Our community loses something today, making the place we live a little less interesting, a little less rich.
I have no illusions that all that many people ever darkened the door of the Tivoli Cinemas in Westport. The multiplex is closer, it shows more popular films, and it holds no surprises.
But the Tivoli, like a good used book store, an adventurous restaurant or just your favorite funky shop, just made you feel better knowing it was there. It’s the kind of thing that can only find a niche in a bigger city, and I’ve never taken for granted that Kansas City had something here that others didn’t.
It’s been a place for movie lovers, and it’s been the place where I’ve seen countless movies that I doubt would have appeared elsewhere. I don’t mind moviemakers taking chances and pushing beyond the predictable. I don’t mind subtitles. I don’t mind sitting through a dud once in awhile – because the good stuff is exquisite.
I know all kinds of movies are out there, on my phone, on my tablet, on my TV. Sometimes that works, but a lot of times it’s an inferior experience. Many movies are meant for full sound on the big screen in a dark room with no distractions.
For that matter, Netflix is a shallow pool. I think of the Tivoli, and my most vivid memory is that these are the folks who brought us “Departures,” a stunning foreign film that won the Oscar a few years ago with subtle storytelling and soaring music. It’s not on Netflix, not within a mile of Netflix.
But a business has to make money. A crowd of 40 for a Sunday matinee amounted to a blockbuster at the Tivoli, and the movie-showing business is increasingly difficult.
I have made it a point for the last few years to spend more of my money not just locally but at places that I want to be around for a long time. So I’d pop for a $7.50 ticket – that’s less than AMC, by the way – and add a coffee and a cookie and then go enjoy my movie. That doesn’t exactly make me a patron of the arts, but you do what you can.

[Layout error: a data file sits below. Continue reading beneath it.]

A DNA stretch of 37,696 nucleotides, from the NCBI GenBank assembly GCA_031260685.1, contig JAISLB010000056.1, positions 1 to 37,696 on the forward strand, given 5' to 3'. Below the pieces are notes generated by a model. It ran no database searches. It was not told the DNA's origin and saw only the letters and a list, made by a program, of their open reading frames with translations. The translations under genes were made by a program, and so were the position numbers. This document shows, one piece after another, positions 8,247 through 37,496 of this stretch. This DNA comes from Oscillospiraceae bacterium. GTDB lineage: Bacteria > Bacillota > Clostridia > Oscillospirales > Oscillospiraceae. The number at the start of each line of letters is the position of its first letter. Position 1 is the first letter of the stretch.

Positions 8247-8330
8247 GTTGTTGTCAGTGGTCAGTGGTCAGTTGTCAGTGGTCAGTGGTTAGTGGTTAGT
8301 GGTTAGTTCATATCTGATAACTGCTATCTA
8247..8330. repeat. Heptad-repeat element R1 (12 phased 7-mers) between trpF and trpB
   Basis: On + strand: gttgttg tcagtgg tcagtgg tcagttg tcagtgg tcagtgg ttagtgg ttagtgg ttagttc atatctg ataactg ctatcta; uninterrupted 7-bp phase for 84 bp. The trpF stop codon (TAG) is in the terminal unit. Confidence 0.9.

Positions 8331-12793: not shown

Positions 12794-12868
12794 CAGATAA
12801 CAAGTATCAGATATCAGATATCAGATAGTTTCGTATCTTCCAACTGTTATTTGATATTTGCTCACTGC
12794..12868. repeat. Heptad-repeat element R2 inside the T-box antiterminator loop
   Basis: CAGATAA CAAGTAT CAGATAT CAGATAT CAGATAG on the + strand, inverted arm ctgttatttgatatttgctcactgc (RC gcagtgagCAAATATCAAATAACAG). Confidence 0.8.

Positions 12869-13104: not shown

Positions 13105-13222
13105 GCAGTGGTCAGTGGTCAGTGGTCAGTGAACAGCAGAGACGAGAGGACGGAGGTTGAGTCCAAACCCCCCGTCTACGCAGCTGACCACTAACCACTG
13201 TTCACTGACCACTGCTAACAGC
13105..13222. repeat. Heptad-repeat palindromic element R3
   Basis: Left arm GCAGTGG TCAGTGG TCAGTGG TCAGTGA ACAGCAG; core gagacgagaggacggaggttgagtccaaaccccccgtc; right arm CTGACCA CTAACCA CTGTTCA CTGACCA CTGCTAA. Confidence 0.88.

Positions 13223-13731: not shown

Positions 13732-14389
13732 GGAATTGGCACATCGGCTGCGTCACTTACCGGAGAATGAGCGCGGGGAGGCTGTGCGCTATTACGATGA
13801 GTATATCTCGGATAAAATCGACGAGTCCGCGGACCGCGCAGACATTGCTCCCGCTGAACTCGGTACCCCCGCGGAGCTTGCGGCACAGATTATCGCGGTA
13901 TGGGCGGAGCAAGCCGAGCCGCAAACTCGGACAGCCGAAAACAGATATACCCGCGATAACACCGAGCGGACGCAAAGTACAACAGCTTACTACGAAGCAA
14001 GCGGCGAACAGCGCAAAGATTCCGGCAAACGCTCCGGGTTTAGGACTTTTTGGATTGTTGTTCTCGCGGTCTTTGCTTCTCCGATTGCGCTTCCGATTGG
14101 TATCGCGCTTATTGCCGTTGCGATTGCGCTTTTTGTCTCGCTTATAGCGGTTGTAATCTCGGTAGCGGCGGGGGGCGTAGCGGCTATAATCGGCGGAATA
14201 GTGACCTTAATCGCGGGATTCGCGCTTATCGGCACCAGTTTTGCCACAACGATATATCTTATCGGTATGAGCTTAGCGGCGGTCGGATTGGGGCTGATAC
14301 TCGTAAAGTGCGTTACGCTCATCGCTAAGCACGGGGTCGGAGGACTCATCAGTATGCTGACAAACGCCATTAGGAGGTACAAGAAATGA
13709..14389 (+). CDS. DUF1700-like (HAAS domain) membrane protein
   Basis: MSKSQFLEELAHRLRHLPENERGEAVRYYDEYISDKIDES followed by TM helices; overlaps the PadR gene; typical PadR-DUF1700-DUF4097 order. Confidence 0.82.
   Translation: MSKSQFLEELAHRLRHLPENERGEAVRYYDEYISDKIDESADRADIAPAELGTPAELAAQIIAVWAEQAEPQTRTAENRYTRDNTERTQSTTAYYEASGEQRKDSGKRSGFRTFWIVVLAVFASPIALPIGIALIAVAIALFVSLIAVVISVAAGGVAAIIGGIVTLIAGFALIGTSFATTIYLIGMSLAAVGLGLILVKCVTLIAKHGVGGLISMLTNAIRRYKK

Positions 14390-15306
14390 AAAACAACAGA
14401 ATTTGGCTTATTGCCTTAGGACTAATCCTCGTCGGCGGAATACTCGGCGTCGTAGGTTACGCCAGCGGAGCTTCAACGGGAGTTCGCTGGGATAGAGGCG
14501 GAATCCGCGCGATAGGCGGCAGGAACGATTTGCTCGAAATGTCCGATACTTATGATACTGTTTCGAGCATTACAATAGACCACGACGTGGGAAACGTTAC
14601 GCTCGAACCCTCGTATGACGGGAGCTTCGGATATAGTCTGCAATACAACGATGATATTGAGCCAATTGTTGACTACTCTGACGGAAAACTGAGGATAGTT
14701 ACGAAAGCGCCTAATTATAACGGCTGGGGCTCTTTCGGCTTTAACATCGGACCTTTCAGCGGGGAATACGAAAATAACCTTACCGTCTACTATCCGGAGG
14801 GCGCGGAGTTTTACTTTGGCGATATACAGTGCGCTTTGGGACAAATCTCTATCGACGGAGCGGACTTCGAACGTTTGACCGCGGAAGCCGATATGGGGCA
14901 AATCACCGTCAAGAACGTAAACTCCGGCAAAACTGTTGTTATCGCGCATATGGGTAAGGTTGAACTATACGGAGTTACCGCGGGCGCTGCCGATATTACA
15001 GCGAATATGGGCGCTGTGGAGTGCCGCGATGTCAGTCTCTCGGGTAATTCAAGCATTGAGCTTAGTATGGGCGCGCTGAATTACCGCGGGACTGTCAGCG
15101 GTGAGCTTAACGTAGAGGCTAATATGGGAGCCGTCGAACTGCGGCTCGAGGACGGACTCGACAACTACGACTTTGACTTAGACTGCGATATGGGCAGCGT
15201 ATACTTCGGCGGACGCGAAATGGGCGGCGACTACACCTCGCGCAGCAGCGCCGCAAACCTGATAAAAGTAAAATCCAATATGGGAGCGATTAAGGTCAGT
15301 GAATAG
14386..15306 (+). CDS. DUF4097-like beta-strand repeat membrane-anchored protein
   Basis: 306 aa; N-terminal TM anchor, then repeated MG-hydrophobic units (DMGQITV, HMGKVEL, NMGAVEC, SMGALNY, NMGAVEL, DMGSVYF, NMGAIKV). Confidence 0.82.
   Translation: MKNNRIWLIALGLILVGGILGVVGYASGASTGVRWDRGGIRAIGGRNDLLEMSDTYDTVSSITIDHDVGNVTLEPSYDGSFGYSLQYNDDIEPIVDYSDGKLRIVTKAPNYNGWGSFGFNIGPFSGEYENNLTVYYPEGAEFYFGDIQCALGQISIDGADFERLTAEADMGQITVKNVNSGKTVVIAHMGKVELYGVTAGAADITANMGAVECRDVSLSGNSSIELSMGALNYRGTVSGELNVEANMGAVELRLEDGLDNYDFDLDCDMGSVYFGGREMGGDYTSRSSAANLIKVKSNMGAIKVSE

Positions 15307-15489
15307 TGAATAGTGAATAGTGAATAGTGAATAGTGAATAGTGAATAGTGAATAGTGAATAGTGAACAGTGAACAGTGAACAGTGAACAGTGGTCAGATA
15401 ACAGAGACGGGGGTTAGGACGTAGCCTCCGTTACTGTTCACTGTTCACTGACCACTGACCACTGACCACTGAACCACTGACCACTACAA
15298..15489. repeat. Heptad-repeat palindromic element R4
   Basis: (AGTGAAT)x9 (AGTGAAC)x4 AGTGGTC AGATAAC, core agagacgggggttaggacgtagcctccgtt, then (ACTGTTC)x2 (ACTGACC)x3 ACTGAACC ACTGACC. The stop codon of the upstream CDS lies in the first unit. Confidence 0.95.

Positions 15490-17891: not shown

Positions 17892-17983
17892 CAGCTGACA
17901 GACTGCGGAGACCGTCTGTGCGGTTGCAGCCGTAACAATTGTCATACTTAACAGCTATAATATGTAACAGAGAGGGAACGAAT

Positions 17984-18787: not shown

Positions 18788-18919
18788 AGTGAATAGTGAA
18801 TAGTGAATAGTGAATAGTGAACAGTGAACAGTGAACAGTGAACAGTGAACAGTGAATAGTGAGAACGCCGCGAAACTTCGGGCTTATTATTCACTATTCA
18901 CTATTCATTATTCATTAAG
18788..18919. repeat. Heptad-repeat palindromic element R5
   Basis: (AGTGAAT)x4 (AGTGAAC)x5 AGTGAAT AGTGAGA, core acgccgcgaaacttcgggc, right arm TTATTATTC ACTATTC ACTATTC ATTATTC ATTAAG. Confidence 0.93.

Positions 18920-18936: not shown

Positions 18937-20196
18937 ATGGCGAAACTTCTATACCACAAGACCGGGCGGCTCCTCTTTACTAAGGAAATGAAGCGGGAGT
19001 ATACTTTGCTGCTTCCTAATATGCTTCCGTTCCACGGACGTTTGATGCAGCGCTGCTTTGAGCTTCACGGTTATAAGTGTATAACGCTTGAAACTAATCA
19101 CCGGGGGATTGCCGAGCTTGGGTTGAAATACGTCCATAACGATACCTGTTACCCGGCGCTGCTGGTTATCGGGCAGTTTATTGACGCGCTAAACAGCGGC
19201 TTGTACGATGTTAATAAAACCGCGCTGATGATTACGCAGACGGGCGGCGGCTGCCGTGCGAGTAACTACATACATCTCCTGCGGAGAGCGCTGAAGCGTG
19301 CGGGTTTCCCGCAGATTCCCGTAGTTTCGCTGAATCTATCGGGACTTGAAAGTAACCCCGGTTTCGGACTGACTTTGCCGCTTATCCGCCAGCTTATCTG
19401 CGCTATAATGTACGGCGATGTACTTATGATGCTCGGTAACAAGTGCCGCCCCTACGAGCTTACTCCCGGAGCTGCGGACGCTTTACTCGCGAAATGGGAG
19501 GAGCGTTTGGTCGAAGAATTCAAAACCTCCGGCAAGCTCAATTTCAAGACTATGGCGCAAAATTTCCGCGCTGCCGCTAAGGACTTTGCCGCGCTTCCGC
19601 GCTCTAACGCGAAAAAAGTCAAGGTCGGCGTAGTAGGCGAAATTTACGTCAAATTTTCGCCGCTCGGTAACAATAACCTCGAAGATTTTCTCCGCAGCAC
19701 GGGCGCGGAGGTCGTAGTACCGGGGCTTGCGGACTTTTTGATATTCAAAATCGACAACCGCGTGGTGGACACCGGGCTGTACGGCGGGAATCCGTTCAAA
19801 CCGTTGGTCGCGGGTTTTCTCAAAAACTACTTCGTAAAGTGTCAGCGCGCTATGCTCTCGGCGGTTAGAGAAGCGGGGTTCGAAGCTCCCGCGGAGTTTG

On Wednesday, the Tivoli’s next-to-last day, there was a good crowd for the afternoon showing of “The Mustang.” Solid movie – better than I expected. A prison inmate gets a chance at redemption by breaking and training a wild horse. OK, there’s a good deal more going on, but you get the idea. It’s violent and harrowing. Not necessarily a happy ending. No superheroes, no special effects.
But a couple moments here and there are exquisite. I’ll take that.
There are hundreds of movie screens in Kansas City. Ten years ago, maybe 20 could loosely have been called “art house” screens, as squishy as that definition might be. Now, by my reckoning, it’s fewer than 10. None quite like the Tivoli.
Your thing might be ballet. Or books. Or baseball. Or all of those. It takes a certain critical mass to support them. It says something about our community that the Tivoli can’t make a go of it.
Jeff Fox is The Examiner’s editor. Reach him at 816-350-6365 or firstname.lastname@example.org. He’s on Twitter @FoxEJC.